OSWEGO, NY – “Games are Fun!”
Oswego City School District elementary age children and parents played games, laughed, shouted with right moves and simply had a good time.
The reason for celebration was the annual Oswego City School District “Family Math Nights” which were held in all five elementary schools.
The events brought families, teachers, administrators and even some members of the Oswego City School District Board of Education to the gaming tables.
Director of Mathematic Carrie Plasse was extremely excited over the success of this year’s effort.
She said, “Students and parents enjoyed the evening and in fact in some school the children were so engrossed in playing the games they didn’t touch the snacks until almost the end of the evening. I had to remind them that snacks were available.”
In cooperation with Academic Intervention Service, teachers in each elementary school brought children and parents in to participate in a family math night.
Plasse explained, “There are numerous reasons for conducting these evening events. Mathematics is quite important and we want to show parents some of the unique games that children are playing in the classroom in the ‘Everyday Math’ program. These games are used to reinforce basic math fact practice and encourage problem solving. Teachers modeled the games and explained the directions, but the time was spent with the child and parents playing the games.”
Parents were also shown how easy these games are to replicate at home and each school staff provided game board templates and a packet of instructions.
The parents were also encouraged to continue playing the games at home so students are practicing the math facts outside of the classroom.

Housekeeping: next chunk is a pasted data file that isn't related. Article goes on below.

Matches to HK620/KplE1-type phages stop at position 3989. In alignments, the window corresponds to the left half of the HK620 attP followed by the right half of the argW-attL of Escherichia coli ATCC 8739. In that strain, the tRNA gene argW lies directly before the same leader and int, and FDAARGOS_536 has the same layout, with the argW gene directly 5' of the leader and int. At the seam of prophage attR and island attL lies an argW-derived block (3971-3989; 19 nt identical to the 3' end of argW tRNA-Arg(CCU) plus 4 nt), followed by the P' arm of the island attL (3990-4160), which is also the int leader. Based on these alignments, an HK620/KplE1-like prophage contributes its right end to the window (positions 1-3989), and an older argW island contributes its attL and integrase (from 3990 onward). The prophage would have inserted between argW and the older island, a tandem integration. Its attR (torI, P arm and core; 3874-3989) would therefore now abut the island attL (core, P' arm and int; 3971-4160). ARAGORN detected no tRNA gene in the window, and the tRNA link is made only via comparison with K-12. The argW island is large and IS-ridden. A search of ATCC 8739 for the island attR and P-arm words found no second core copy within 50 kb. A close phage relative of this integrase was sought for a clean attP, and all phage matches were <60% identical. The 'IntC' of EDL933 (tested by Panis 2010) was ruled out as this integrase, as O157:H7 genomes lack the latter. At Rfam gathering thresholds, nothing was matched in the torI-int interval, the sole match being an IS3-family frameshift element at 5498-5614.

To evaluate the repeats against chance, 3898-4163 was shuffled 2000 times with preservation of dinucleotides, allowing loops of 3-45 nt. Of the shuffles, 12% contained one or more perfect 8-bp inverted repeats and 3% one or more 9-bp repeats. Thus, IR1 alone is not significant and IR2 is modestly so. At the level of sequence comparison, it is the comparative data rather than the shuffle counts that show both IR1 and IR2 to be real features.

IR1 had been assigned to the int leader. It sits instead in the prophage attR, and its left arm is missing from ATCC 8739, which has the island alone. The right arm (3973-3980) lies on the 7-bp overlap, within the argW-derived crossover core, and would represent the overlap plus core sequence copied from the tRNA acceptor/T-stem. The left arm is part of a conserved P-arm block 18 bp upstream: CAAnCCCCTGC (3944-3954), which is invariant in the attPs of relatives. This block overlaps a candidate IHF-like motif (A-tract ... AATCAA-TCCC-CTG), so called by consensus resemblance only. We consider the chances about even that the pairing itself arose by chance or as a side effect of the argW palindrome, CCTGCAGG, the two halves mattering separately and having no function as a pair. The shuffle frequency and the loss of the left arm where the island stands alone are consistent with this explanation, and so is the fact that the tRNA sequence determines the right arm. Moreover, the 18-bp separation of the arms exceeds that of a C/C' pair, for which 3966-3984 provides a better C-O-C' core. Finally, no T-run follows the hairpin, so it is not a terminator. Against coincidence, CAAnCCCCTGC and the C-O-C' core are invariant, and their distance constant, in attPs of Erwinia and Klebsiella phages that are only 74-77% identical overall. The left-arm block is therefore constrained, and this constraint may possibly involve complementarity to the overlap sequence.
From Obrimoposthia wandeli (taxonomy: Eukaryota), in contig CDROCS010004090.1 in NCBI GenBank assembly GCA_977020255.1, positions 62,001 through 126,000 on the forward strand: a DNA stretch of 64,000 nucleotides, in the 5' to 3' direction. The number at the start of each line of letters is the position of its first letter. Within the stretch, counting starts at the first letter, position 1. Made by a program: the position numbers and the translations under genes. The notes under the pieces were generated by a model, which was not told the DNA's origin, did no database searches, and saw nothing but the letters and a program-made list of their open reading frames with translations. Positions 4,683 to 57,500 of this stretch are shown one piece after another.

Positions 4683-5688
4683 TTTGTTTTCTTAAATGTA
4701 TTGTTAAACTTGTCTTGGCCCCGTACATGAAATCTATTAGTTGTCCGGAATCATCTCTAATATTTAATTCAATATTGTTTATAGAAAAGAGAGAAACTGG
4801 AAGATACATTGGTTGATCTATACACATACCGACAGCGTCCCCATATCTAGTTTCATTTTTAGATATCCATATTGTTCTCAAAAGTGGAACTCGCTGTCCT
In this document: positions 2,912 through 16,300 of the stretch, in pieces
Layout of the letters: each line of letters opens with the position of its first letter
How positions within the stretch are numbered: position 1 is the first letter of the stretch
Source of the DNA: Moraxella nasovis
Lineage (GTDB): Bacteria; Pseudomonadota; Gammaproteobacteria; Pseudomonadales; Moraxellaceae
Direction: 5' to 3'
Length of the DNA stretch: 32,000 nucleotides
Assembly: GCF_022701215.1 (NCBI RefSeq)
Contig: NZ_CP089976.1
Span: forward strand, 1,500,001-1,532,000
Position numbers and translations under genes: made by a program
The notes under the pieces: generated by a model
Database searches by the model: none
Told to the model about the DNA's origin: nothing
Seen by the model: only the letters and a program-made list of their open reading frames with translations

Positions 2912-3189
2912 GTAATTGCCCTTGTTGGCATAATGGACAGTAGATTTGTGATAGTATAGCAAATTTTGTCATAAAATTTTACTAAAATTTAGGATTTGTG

Plasse added, “The evening consisted of 15 to 18 stations and the games were organized for primary and intermediate students. We encouraged students to move through the various stations and even try games that they had not played before.”
One example of an intermediate game was “Multiplication Baseball” where students practice their multiplication facts through 12 as they ‘run the bases.’
Plasse also noted, “One of the primary games was ‘Coin Exchange’ where students practice exchanging coin equivalencies for quarters, dimes, nickels and pennies. This helps to reinforce the understanding of coin equivalency examples such as two nickels make a dime, ten pennies make a dime, a nickel and five pennies make a dime and so on and so on.”
Credit for organizing the Family Math Night was given to Jennifer Cahill (Leighton), Beth Molinari (Charles E. Riley), John Rice (Fitzhugh), Christy Stepien (Kingsford) and Jen Szkotak (Minetto).
Plasse summarized the events and the genuine learning experience by saying, “It is important to show that learning math is not always about skill and drill, but can be fun and exciting by playing games.”